Pattern Recognition Letters
Special Issue On
Future Trends in Pattern Recognition of Non-Speech Audio Signals (PRNSA)
Pattern Recognition Letters is seeking high-quality manuscripts for a Special Issue on Future Trends in Pattern Recognition of Non-Speech Audio Signals, scheduled for publication in 2010.
Aim and Scopes:
August 1996: in a panel session at the Thirteenth National Conference on Artificial Intelligence (AAAI-96), Rodney A. Brooks (noted Professor of Robotics at MIT) remarked that while automatic speech recognition was a highly researched domain, there had been very little work trying to build machines able to understand "non-speech sound cues". He went as far as naming this one of the biggest challenges faced by Artificial Intelligence.
Twelve years have passed, and the pattern recognition community has widely endeavored to make this more of a reality. Systems now exist that are able to analyze the contents of musical signals (e.g. classifying them into genres or recognizing their instruments), soundscapes (e.g. discriminating the sound of a busy road from that of a calm pedestrian street), non-verbal communication cues of humans (e.g. detecting baby cries in a kindergarten environment) and animals (e.g. predicting the context of dog barks), to list but a few.
In an interesting parallel to the hegemony of hidden Markov models in speech recognition, most techniques to recognize non-speech audio have relied so far on a common paradigm, the Bag-of-Frames (BOF). BOF represents signals as the long-term statistical distribution of local frame-based features vectors, a prototypical implementation of which being Gaussian Mixture Models of Mel-Frequency Cepstrum Coefficients. While this paradigm has provided a successful basis for many of today’s most spectacular realizations, recent research increasingly suggests that it is intrinsically bounded to moderate performance. Its limitations include the difficulty to model temporal dynamics between successive frames, to account either for short events or for long-term dependencies, and to incorporate extrinsic information such as contextual cues. The time has come, it seems, to turn to alternative frameworks, with greater cognitive and biological plausibility.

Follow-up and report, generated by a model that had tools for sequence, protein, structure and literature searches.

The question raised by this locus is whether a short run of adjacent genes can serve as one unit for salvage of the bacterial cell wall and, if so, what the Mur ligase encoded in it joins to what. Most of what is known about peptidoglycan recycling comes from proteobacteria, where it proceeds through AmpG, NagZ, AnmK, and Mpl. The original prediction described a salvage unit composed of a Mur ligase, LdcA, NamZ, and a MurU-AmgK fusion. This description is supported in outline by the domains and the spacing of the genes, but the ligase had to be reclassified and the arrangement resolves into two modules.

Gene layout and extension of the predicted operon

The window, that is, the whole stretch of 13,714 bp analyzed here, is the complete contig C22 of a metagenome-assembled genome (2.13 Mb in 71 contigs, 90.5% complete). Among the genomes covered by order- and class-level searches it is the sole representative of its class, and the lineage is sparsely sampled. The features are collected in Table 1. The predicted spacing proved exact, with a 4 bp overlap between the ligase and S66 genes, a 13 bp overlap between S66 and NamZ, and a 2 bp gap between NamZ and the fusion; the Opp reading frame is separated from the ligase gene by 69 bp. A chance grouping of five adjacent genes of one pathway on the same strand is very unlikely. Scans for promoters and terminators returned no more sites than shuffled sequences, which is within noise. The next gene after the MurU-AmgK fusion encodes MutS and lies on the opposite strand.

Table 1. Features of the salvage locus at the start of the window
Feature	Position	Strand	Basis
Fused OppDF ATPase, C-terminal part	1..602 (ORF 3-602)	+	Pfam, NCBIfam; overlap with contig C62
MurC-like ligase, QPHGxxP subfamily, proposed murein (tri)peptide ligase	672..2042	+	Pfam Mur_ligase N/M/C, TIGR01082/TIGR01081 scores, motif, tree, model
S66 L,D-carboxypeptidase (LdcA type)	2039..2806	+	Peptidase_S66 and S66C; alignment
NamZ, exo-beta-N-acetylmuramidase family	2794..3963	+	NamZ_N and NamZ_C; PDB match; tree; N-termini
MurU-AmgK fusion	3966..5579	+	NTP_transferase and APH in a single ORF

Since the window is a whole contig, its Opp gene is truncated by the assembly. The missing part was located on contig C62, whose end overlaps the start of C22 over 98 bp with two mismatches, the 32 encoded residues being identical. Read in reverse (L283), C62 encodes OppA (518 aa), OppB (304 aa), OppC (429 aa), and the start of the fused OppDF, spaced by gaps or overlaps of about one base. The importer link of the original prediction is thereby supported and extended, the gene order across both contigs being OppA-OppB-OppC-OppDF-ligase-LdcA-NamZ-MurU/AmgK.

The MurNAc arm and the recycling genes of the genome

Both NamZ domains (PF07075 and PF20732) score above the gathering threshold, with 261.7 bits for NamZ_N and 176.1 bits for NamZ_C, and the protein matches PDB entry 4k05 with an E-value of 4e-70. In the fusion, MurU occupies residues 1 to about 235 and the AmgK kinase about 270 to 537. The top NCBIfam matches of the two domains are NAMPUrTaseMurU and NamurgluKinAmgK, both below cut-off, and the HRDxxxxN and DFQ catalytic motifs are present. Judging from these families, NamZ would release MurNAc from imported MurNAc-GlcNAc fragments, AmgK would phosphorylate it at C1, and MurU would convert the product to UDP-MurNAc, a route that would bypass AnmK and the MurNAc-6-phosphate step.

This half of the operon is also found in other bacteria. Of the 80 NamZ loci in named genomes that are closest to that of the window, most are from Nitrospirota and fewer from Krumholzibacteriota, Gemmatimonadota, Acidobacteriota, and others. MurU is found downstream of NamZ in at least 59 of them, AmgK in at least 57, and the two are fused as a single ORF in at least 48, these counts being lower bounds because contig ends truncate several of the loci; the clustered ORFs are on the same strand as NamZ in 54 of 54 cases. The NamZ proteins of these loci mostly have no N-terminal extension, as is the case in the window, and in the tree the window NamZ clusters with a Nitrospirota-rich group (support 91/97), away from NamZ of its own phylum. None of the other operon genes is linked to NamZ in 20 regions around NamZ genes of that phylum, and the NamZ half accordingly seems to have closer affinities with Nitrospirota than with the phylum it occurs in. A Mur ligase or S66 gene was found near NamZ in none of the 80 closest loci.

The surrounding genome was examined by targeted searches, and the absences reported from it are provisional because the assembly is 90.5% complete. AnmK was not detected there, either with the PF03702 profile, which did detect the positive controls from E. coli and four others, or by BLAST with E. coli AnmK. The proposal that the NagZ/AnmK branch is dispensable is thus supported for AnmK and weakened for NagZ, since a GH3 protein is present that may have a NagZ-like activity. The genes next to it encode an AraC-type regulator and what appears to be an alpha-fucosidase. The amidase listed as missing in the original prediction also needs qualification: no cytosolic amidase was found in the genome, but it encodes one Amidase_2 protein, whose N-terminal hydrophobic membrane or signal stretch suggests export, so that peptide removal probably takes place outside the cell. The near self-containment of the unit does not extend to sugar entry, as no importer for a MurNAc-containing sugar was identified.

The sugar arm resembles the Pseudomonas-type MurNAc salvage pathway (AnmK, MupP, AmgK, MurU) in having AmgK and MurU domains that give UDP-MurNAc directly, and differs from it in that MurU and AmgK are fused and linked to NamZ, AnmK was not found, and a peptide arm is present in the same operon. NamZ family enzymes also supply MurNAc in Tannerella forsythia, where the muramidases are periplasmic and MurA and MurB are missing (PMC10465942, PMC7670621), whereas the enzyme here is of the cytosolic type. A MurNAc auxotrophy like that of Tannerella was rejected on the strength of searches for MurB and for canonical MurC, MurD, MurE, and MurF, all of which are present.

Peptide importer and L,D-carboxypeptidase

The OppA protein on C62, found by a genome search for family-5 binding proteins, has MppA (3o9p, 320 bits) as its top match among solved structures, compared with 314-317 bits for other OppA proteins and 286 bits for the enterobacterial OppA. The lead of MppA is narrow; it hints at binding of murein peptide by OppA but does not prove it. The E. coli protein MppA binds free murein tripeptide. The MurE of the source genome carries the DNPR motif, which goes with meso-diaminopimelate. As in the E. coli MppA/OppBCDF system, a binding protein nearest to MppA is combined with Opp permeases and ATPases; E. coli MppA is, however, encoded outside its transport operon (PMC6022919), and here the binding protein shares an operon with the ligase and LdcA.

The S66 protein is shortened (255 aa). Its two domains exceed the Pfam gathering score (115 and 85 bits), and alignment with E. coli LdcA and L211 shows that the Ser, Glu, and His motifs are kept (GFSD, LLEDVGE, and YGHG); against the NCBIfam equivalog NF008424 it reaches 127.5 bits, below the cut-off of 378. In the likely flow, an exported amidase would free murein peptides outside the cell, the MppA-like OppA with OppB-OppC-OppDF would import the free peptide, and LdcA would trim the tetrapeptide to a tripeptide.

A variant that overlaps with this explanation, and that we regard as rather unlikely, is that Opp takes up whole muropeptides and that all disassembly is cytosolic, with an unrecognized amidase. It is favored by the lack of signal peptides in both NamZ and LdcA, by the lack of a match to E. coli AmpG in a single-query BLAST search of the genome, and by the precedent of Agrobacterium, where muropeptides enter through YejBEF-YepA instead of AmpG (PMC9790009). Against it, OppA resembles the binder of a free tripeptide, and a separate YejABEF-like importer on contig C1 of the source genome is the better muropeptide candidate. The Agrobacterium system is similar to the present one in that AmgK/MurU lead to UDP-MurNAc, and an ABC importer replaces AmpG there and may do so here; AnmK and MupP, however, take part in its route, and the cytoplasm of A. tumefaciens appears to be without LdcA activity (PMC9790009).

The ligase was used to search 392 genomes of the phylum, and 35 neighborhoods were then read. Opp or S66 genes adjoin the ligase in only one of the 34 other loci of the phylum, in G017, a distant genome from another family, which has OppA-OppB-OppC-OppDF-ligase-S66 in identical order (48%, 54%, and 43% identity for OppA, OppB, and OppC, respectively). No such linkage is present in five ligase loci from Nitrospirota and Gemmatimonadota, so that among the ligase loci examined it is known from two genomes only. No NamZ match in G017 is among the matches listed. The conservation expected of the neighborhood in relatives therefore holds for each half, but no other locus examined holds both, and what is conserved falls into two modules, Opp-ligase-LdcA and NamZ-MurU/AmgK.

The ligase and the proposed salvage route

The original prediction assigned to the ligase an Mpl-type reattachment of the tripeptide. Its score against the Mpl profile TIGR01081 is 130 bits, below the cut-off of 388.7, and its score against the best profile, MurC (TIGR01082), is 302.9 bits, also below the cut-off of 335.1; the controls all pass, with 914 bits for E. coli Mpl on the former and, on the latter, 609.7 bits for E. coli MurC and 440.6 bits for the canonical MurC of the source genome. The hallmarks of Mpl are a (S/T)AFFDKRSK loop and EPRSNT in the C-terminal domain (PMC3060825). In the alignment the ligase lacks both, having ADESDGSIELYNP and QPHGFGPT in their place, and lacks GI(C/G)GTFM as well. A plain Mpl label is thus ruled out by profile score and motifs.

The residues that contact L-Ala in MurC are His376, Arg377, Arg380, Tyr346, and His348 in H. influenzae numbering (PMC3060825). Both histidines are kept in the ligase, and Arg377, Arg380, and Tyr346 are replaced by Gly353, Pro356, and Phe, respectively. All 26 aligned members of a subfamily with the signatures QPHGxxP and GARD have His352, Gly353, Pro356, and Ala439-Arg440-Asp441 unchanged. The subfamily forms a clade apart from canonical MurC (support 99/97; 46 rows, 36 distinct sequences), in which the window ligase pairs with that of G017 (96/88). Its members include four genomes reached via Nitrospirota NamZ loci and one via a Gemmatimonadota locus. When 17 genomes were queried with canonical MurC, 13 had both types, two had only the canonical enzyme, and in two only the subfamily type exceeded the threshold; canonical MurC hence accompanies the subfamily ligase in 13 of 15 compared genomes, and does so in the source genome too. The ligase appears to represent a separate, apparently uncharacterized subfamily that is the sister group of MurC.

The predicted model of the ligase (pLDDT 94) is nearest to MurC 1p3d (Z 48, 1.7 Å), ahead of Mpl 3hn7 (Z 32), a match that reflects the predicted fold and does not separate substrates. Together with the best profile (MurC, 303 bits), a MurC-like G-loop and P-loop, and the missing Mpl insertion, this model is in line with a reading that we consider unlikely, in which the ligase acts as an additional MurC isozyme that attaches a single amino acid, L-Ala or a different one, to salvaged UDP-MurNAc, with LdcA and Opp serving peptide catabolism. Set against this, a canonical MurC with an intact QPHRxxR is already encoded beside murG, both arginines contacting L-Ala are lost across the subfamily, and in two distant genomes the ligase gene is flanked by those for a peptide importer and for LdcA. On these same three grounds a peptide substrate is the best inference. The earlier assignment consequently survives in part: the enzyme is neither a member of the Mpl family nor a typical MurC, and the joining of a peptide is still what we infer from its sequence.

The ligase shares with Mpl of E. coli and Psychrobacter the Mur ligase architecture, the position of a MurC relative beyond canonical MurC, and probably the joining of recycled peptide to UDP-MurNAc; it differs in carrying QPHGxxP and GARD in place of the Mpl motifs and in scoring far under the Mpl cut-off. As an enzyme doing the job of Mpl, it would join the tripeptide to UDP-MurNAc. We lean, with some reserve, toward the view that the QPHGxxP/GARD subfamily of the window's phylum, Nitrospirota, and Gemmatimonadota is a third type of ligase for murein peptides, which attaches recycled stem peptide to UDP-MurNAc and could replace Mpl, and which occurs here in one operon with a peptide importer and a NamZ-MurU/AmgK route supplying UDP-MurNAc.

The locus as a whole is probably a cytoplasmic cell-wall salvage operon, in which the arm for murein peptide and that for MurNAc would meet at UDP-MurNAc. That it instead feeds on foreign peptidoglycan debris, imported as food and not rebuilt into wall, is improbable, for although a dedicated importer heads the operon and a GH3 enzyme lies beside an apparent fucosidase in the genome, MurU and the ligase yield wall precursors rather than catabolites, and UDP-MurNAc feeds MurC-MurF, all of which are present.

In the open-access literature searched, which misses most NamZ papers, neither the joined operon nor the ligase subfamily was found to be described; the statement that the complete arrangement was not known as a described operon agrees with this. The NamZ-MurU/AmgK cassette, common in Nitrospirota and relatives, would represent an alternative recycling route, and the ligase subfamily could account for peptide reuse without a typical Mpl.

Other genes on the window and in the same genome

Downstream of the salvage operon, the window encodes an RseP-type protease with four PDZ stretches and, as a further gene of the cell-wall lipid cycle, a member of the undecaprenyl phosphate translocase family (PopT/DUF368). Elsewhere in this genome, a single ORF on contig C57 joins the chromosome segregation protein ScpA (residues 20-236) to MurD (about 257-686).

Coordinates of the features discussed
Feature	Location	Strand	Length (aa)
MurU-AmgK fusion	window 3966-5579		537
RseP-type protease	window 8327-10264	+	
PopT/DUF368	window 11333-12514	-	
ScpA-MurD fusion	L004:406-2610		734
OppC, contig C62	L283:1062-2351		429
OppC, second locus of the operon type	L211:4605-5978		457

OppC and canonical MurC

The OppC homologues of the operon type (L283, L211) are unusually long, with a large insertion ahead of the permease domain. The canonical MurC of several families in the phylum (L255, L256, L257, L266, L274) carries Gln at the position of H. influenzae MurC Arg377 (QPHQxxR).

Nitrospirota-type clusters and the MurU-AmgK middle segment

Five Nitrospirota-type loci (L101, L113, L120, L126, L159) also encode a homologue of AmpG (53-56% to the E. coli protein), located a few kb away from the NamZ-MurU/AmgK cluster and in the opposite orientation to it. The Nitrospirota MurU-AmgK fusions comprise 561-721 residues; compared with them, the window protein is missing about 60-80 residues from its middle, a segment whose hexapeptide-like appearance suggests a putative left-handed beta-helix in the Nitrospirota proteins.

For this special issue, we are soliciting original contributions of leading researchers from academia and industry, which address pattern recognition techniques for non-speech audio signals that depart significantly from the traditional frame-based models. By non-speech audio, we understand any acoustic signal within the hearing range of humans or animals, which is not associated with linguistic content. This includes music, soundscapes and environmental noises (broadly defined), animal vocalizations or acoustic signaling, etc. Human vocalizations also qualify if considered in their prosodic, non-linguistic qualities (e.g. babbling, humming, etc.).
We are particularly interested in systems that take pattern recognition out of the desktop, into real-world, continuous, mobile, context-rich physical devices. The topics include, but are not limited to:
Manuscript should conform to the standard guidelines of the Pattern Recognition Letters . Instructions for formatting papers can be found in the "Guide for authors". Submitted articles must not have been previously published and must not be currently submitted for publication elsewhere. Prospective authors should submit the electronic copy of their complete manuscript via online electronic Elsevier system (EES), in which authors must select the "article type" from the menu as "PRNSA", the acronym of the special issue. All submitted papers will be reviewed by at least two independent reviewers.
o Full paper due:
Jan. 31, 2009
Extended: Feb. 15, 2009
o First notification:
April 31, 2009
Delayed: May. 15, 2009
o Revised manuscript (for second review) due:
June 31, 2009
Extended: July 15, 2009
o Acceptance Notification: August 31, 2009
o Final manuscript due: Sept. 31, 2009
o Scheduled publication of the special issue: 2010
Dr. Jean-Julien Aucouturier (firstname.lastname@example.org)
Temple University, Japan Campus.
Dr. Laurent Daudet (email@example.com)
Université Pierre et Marie Curie-Paris 6, France.